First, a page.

Is Mathematics the most important subject in school? In a 2013 Gallop poll, Americans rated math as the most valuable subject they took in school. But does anyone believe that Math is* twice* as valuable as reading? Or that math is *twice* as valuable as writing? The College Board certainly does! Let me explain…

You may be aware that the PSAT/SAT exams have been redesigned. These tests are used to predict which students will succeed in college. Part of the rationale of the redesign is that they wanted to strengthen the assessment’s predictive validity. As the Test Prep Coordinator at my school, I have been trying to read up on the changes and how it will affect our students. None of the articles that I have read have highlighted how the new scoring system of the new PSAT/SAT exams places far more importance on Mathematics.

Under the old scoring system, Math, Reading & Writing were all equally weighted (each subject was 1/3 or about 33% of the total score). Under the new scoring system, 1600 is a perfect score, with 800 possible points coming from the math tests. The other 800 possible points come from equal parts of Reading and Writing. Here is a summary of the redesigned SAT scoring system when compared to the ACT scoring system.

**Old SAT Scoring: **Math (33.3%), Reading (33.3%), Writing (33.3%) ** **

**Redesigned SAT Scoring: **Math (50%), Reading (25%), Writing (25%)** **

**ACT Scoring: **Math (25%), Reading (25%), Writing (25%), Science Reasoning (25%)

As you can see, math takes up a much bigger slice of the pie (1/2 of it)! What does this massive scoring change mean for students? The obvious conclusion is that students need a deeper understanding of mathematics. The redesigned SAT makes mathematical fluency, writing equations, and knowing the meaning of variables more than just simply solving equations. It makes sense for students to spend more time prepping for the math section for two reasons:

- Math is now 50% of the SAT score (twice as important as the Reading or Writing sections)
- Math section has changed more dramatically than each of the other two sections (it was a shock to my students how different the questions were in the math section)

Having taught at an all-girls school for the last six years, I think there is a bigger issue at play here. I wonder how the scoring of the redesigned SAT tests will affect the gender gap? What is the gender gap?

As this graph demonstrates, the gender gap is particularly evident in the Math section of the SAT (Girls score on average 32 points lower than boys). https://www.aei.org/publication/2013-sat-test-results-show-that-a-huge-math-gender-gap-persists-with-a-32-point-advantage-for-high-school-boys/ The gender gap is problematic because the SAT is supposed to predict college success. Can any test really do a good job of that? I’m not so sure that is possible. The problem is that girls do better in high school by almost every statistical measure (top 10%, GPA, take more AP classes, more take 4 years of both math and science). They actually do better in college as well. The SAT exam? Not so much. Is that fair?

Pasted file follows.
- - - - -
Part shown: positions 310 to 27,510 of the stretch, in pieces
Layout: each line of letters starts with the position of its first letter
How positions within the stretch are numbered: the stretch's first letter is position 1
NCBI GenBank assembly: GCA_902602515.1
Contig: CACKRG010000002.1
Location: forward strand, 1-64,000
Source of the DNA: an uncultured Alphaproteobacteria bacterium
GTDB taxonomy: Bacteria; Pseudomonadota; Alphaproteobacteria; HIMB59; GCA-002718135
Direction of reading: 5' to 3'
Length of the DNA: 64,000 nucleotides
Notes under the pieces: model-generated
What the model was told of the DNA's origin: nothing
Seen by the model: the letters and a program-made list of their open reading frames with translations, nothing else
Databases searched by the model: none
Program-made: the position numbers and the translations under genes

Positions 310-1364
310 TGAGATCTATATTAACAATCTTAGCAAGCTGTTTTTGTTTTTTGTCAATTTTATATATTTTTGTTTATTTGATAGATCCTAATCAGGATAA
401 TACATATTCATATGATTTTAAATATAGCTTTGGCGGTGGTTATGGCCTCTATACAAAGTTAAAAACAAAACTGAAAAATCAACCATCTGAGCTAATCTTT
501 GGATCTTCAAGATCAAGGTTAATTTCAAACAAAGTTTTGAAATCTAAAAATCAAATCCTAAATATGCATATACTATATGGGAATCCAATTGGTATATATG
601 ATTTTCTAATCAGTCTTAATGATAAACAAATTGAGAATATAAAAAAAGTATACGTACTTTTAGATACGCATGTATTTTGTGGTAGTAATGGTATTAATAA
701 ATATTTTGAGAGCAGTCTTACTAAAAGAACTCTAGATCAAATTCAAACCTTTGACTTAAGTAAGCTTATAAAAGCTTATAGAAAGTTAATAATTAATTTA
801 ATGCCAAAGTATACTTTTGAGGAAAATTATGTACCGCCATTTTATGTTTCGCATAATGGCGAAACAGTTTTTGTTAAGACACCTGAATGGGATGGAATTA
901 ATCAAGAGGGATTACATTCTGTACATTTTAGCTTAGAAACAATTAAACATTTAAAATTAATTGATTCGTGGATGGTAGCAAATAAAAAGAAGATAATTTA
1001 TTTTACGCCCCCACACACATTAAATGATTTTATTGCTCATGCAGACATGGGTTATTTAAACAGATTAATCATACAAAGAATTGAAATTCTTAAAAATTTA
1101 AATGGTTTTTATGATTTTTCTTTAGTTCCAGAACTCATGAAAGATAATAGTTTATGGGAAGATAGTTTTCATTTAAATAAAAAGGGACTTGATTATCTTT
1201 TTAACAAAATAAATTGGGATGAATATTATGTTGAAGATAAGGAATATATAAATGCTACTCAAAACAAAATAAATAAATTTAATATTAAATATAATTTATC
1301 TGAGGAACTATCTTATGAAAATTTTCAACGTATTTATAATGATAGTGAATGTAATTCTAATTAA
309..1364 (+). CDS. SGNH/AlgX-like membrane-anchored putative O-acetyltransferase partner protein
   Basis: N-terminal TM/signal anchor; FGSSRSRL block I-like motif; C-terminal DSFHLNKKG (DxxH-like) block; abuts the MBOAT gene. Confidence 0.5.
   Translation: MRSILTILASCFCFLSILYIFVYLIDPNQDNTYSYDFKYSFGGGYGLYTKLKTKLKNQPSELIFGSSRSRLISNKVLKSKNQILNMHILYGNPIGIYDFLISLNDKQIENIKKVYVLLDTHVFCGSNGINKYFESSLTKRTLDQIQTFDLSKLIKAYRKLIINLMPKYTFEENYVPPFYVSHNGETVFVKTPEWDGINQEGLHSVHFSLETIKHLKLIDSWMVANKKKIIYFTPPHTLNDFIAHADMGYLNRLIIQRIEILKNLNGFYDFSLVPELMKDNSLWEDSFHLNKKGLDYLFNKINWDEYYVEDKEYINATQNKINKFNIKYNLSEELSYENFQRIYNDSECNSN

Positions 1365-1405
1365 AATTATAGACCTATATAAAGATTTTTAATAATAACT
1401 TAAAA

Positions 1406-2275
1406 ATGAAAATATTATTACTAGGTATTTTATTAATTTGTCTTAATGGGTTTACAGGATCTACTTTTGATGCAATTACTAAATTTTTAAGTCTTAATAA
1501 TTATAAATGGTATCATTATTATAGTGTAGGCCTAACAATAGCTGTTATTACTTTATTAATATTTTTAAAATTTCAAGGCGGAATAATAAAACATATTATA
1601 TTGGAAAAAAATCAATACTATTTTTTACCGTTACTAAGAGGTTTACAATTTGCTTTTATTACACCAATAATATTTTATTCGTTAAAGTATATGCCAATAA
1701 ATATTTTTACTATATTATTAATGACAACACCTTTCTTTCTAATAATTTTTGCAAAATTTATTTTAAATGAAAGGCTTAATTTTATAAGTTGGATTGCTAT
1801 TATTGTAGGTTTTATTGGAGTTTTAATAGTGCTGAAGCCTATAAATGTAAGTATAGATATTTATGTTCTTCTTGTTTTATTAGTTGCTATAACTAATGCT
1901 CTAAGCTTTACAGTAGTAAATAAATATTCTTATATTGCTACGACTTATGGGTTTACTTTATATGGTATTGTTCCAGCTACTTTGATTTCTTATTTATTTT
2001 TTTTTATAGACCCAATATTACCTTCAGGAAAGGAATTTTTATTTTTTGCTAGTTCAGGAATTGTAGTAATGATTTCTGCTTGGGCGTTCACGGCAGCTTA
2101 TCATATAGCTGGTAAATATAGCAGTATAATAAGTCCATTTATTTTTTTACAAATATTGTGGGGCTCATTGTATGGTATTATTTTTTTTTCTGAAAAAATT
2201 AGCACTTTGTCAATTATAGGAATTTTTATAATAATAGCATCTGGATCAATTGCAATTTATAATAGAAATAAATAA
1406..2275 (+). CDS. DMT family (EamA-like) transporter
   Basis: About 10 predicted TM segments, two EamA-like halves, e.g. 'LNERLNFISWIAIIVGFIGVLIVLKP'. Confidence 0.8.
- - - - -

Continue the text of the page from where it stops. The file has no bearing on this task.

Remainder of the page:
FairTest.org points out the financial implications of the gender gap. Millions of dollars are at stake. In the 1990’s, more males received National Merit Scholarships. As a result, the College Board added the writing section to the SAT exam. http://www.fairtest.org/test-makers-revise-nat-merit-exam-address-gender-bias-fairtest-complaint-will-lead-millions-more-gir. I didn’t realize that Title IX education law was applicable in this setting. By making changes to the SAT (adding the writing section), the College Board was indirectly admitting that their exam was gender biased.

Why is the College Board redesigning the SAT? Again, it could be coming down to money. The SAT is losing market share to the ACT. Of course, there could be other reasons, but it would be hard to ignore that this may have contributed to the change.

http://www.washingtonpost.com/blogs/wonkblog/wp/2014/03/05/why-the-sat-is-really-changing-its-facing-tough-competition-from-the-act/

How will the new SAT changes affect the gender gap? I think it is a case of one step forward and two steps back. First the good news. The redesigned SAT has eliminated the guessing penalty. The ACT exam does not have a guessing penalty and they have done a better job of minimizing the gender gap. One theory is that males tend to be bigger risk takers and are more willing to take a guess if they are not sure of the answer. On the other hand, girls tend to be more cautious and can be unwilling to answer a question unless they know they are correct. In my opinion, eliminating the guessing penalty should help minimize the gender gap. Why? Because with no penalty, everyone guesses on every question. The risk-taker advantage is removed.

However, changing the scoring system should have a negative impact on the gender gap. The gender gap is most evident in the math portion of the SAT exam. By making the math section count as 50% of the SAT score (instead of 33.3%), the scoring change only exacerbates the gender gap problem. I think there are a lot of good things that are part of the redesigned SAT, but looking at the big picture, I think that the gender gap may grow larger. Why isn’t anyone talking about the scoring change for the redesigned SAT? I hope this blog post gets the conversation going. Please share your thoughts in the comments section below.